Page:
So You Want to Be a Gallery Artist?

Opening day at Slushbox Gallerys The Geek Strikes Back NerdCore III run by JR and Amanda Linton
Opening day at Slushbox Gallery's "The Geek Strikes Back: NerdCore III", run by JR and Amanda Linton.

Fine artists and commercial artists alike often exhibit their work in a gallery setting. What does it take to become a gallery artist, curator, or owner? What's involved on either side of the art gallery coin? In this article we'll tackle both sides, giving perspectives on creating work for galleries, curating shows, managing a gallery, and more. Consider this your guide to working within art galleries.
Galleries and those involved with them vary. What are some of the roles needed to put on a gallery show? I interviewed several artists, curators, and gallery owners to see what was involved with gallery shows they had been involved with in the past.
Artists: OK, no-brainer here. They're the creators of the work on the walls. They're the people who are bringing their visions to the masses. You can't have an art gallery without an artist or two.
Curators: In name, curators put together each show. Sometimes that is their entire role within a gallery. Other times there's a different person creating each event. For those I spoke to, it was common that this role was taken on by the manager or owner of the space.
Managers: For some gallery spaces, managers handle the day-to-day operations of the business as well as employee relations. They coordinate with curators, artists, customers, employees, and the owner. Perhaps they inhabit more than one of these roles or are the owner themselves. In any case, it's like many other managerial positions: hard work, with a high need of organizational and time management skills.
Owners: Like any business owner, their involvement varies. Some owners take on every role they can: the gallery space is their baby and art is their passion. Others may simply be business folk who enjoy owning something that contributes to the culture of the world around them. In any case, owning a gallery takes quite a bit of business know-how, from daily operations to advertising to accounting to keeping a building up to code and more. They're self-employed and an employer, making this a heavy role to take on, but possibly one you aspire to.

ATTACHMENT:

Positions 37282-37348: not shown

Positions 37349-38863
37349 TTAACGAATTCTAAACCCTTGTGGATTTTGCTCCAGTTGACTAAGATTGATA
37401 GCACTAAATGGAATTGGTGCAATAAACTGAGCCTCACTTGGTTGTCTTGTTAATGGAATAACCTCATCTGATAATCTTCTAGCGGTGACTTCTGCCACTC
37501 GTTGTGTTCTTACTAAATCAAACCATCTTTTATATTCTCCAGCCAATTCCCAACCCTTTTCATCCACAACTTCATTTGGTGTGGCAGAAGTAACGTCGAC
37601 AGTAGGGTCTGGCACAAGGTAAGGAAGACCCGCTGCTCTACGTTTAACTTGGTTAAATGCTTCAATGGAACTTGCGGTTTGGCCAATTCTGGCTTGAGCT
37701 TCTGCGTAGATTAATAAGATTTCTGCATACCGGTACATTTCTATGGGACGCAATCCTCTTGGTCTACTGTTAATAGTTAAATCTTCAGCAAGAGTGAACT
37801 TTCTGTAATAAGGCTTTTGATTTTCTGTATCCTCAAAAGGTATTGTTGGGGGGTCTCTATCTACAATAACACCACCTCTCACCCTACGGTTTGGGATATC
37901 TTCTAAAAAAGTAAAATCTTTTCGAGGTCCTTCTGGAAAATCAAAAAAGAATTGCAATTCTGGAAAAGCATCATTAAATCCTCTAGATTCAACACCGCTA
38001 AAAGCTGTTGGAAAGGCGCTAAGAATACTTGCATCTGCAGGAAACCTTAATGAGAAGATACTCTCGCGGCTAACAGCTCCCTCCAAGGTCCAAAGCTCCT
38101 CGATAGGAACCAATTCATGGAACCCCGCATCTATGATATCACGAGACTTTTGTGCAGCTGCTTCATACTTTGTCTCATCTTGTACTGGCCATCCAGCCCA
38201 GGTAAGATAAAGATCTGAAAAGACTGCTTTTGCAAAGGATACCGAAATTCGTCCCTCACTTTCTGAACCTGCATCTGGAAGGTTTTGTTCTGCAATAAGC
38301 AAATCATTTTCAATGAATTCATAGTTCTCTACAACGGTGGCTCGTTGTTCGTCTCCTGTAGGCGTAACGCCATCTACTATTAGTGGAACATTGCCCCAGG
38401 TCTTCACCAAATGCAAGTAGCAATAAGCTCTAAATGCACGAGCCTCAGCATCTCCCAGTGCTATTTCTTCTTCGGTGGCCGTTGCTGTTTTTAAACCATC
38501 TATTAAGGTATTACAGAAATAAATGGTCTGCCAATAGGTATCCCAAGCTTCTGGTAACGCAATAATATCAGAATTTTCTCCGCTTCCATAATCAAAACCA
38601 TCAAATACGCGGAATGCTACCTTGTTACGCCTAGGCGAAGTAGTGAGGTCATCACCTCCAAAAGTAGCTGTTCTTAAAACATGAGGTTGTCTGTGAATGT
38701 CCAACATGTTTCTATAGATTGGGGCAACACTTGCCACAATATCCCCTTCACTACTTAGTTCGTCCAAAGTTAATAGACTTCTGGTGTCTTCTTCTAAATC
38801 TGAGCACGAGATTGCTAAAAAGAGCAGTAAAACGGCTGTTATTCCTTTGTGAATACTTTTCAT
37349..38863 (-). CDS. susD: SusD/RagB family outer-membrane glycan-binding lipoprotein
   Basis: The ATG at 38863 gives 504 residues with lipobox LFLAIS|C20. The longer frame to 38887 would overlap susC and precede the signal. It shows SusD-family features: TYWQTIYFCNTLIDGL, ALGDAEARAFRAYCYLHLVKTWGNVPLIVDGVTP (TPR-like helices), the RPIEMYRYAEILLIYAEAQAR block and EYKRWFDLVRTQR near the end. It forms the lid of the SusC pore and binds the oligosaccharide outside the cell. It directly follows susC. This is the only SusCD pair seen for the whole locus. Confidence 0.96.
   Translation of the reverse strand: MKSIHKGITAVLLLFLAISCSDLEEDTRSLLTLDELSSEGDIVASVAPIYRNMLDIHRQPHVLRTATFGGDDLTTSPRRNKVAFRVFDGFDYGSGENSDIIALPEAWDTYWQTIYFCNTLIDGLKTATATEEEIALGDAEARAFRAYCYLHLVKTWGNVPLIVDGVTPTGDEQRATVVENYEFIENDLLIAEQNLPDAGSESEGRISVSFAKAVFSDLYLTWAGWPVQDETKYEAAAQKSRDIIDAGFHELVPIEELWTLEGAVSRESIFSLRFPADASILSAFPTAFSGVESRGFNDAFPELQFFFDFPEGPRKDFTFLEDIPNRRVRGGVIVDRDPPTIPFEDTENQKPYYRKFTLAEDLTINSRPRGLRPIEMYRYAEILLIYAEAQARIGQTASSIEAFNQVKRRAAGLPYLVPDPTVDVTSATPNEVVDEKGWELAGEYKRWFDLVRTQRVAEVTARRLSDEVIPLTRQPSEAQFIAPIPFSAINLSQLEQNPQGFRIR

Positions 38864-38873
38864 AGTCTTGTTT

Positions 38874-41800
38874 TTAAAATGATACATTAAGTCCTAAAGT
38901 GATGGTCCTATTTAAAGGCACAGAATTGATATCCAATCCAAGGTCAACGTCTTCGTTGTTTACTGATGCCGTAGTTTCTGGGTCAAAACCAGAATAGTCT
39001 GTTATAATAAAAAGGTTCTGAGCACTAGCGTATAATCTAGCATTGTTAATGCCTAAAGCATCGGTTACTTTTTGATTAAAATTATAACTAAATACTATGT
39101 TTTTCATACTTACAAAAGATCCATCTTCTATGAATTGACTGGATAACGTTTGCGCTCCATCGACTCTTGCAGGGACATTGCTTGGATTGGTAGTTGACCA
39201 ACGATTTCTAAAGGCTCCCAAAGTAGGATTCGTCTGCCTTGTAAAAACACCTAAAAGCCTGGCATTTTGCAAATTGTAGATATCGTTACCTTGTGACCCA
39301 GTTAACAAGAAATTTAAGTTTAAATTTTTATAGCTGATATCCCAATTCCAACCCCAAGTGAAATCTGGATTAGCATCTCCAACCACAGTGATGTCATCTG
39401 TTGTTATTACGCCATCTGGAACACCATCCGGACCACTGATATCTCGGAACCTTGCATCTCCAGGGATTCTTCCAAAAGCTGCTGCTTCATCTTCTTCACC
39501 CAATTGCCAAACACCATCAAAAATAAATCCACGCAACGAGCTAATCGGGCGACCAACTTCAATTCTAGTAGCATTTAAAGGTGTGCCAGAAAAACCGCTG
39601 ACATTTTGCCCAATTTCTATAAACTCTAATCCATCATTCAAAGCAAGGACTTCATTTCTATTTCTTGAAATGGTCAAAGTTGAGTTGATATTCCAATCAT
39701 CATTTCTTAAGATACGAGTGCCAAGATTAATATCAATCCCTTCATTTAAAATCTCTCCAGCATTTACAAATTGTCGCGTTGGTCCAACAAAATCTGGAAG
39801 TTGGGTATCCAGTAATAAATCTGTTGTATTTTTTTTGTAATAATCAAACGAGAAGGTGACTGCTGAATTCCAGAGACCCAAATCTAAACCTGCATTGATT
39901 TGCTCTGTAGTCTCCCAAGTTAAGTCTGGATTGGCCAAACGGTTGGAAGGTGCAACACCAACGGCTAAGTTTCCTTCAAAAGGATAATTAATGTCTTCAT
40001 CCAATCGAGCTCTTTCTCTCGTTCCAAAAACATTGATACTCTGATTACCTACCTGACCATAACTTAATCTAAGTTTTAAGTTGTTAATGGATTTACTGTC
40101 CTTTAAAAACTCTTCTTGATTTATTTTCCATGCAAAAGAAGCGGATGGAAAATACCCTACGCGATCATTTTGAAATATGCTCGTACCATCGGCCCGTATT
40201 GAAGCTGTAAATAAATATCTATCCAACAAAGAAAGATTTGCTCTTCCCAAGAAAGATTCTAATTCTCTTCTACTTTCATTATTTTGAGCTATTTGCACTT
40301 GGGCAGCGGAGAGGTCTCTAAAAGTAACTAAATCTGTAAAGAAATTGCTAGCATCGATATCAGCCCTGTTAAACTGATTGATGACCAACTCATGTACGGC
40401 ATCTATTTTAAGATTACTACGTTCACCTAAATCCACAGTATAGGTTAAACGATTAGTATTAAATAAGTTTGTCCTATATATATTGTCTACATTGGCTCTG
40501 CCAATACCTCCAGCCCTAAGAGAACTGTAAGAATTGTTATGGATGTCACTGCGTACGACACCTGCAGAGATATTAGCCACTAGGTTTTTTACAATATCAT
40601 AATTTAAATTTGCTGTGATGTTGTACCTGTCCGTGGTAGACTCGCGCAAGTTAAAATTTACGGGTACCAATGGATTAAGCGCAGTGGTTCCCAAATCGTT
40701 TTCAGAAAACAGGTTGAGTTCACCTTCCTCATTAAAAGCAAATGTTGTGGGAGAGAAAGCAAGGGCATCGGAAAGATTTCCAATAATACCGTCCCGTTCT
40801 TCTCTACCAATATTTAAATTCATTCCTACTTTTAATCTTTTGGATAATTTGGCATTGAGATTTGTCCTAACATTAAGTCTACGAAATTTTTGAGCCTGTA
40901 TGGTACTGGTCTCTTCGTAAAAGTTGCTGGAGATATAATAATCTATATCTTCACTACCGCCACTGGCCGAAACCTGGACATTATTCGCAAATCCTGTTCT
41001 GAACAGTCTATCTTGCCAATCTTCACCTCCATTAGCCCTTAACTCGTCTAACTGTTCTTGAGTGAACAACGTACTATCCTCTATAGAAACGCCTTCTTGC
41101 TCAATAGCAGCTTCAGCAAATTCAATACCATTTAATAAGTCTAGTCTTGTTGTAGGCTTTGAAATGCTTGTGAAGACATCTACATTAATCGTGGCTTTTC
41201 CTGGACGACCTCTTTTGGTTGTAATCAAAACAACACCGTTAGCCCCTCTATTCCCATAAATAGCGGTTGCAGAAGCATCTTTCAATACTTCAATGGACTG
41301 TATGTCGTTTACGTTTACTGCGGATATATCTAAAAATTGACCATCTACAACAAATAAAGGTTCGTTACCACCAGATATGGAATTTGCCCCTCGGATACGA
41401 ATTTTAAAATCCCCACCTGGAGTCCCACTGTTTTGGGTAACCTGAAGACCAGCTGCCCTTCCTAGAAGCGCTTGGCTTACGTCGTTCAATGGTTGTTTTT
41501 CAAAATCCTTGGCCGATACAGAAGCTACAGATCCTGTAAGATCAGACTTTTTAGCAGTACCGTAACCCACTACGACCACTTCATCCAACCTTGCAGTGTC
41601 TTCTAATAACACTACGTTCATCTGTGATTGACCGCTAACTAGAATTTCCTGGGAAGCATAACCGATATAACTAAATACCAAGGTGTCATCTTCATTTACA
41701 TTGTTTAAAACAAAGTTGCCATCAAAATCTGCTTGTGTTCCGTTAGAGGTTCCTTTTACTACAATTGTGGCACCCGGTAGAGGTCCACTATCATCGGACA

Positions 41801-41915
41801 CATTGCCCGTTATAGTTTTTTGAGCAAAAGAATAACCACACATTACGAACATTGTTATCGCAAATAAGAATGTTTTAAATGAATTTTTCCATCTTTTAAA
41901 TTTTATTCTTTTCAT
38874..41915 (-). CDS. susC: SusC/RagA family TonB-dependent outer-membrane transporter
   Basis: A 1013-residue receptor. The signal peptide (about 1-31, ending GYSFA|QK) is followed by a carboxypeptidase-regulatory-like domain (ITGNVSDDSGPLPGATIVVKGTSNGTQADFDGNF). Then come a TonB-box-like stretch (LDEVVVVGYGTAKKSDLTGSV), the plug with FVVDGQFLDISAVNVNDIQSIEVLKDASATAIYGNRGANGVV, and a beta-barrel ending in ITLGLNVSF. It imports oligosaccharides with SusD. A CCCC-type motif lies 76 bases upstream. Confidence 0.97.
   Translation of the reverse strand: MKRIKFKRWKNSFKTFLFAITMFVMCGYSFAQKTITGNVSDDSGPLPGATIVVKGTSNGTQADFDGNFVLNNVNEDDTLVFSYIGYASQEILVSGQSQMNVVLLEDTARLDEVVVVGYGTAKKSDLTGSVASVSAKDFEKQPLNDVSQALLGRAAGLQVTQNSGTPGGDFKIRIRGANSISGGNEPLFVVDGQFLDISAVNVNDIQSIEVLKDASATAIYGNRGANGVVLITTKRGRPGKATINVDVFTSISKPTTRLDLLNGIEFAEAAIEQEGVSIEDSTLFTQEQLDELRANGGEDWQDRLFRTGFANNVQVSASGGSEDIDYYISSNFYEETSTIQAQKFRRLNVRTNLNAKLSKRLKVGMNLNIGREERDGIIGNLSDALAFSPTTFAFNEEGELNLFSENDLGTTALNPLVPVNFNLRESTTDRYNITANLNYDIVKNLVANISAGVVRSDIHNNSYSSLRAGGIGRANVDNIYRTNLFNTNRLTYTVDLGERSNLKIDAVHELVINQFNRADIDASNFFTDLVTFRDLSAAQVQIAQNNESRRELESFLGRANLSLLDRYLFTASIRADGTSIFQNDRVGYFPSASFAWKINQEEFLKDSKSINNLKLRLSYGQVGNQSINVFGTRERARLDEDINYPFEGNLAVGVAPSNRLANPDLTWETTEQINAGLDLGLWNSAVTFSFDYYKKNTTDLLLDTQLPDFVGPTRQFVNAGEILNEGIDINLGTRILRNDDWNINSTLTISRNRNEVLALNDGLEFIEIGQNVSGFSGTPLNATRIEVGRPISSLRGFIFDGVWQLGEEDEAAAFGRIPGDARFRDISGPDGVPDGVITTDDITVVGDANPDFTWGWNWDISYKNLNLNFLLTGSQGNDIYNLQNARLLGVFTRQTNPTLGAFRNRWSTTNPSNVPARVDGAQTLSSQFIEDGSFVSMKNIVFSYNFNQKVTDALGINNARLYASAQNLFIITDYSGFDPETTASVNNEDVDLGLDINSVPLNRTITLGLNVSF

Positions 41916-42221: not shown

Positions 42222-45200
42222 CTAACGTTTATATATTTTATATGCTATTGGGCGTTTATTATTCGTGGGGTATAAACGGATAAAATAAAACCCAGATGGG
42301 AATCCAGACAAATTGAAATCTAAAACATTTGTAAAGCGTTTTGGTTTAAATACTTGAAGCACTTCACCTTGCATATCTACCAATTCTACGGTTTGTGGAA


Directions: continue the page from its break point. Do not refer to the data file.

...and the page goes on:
And More... There are definitely more people involved in art galleries. The day-to-day operations of the business itself involve many people, depending on the size of the space and whether it's a small gallery within another business or not. What about marketing for the show? And social media management? Depending on the gallery, these roles could be done in-house by curators or managers, or contracted to a marketing agency or freelancer. It definitely varies, but the short of it is there are many roles behind the scenes that get galleries and gallery shows up and running.

DeEtta Harris posed with her piece at Inner State Gallery
DeEtta Harris posing with her piece at Inner State Gallery in Detroit, Michigan.

"Make the art that you like, the art that you want to create and don’t let anyone tell you to create anything other than that." — DeEtta Harris, Michigan-based artist.
First things are first: how does someone get their work within a gallery or get to create a show themselves? For most of my interview subjects, they started with small student shows or local venues. If you major in art at a university or attend an art school, you'll find you have end-of-semester and end-of-year shows as well as access to calls for art for students (depending on where you attend and the culture around you).
Additionally, there are local calls for art that may be listed in newspapers or on the websites and social media pages of gallery spaces. Many galleries run juried shows where artists submit content and portfolios to be considered for an upcoming show. A great way to get involved is to check out a gallery or gallery space's website for news on upcoming shows and to see who is looking for artists to fill their walls.

Kyla Crawford
Kyla Crawford, bottom right, taking part in Oliver Herring, Areas for Action, Houston (Day 2: Mondrian Miek), 2015. 

"I seek out galleries by getting involved in juried shows and contacting curators and owners for studio visits. I go to openings, lectures and be part the art world. Network, never burn bridges." — Kyla Crawford, Houston, TX-based Artist
In the case of curating a show and learning the ropes behind the scenes, some cities have large art events that look for curators to outfit a venue with art. Some galleries also take on volunteers to help put on shows or simply may be hiring for a position at the gallery (perhaps doing merchandise, framing, or as an administrator). 
In the event you don't personally know a gallery owner that would be willing to hand over the reins for an event, working with galleries in this way or answering open art calls are ways to get involved and become known to curators, managers, and owners within your target community.

The Thrift Show at Glitter Milk Gallery in Grand Rapids Michigan
The Thrift Show at Glitter Milk Gallery in Grand Rapids, Michigan.

"Don't be afraid to submit your work to galleries. Read through their website to see what their submission guidelines are and go for it! Even if they don't respond the first time, submit again after a few months.
"Sometimes galleries are too busy to respond to all of the emails they get or they get lost in the shuffle. Keep showing them new work and progress! Sending an art postcard in the mail too makes you stand out." — Miranda Sharp, owner of Glitter Milk Gallery in Grand Rapids, MI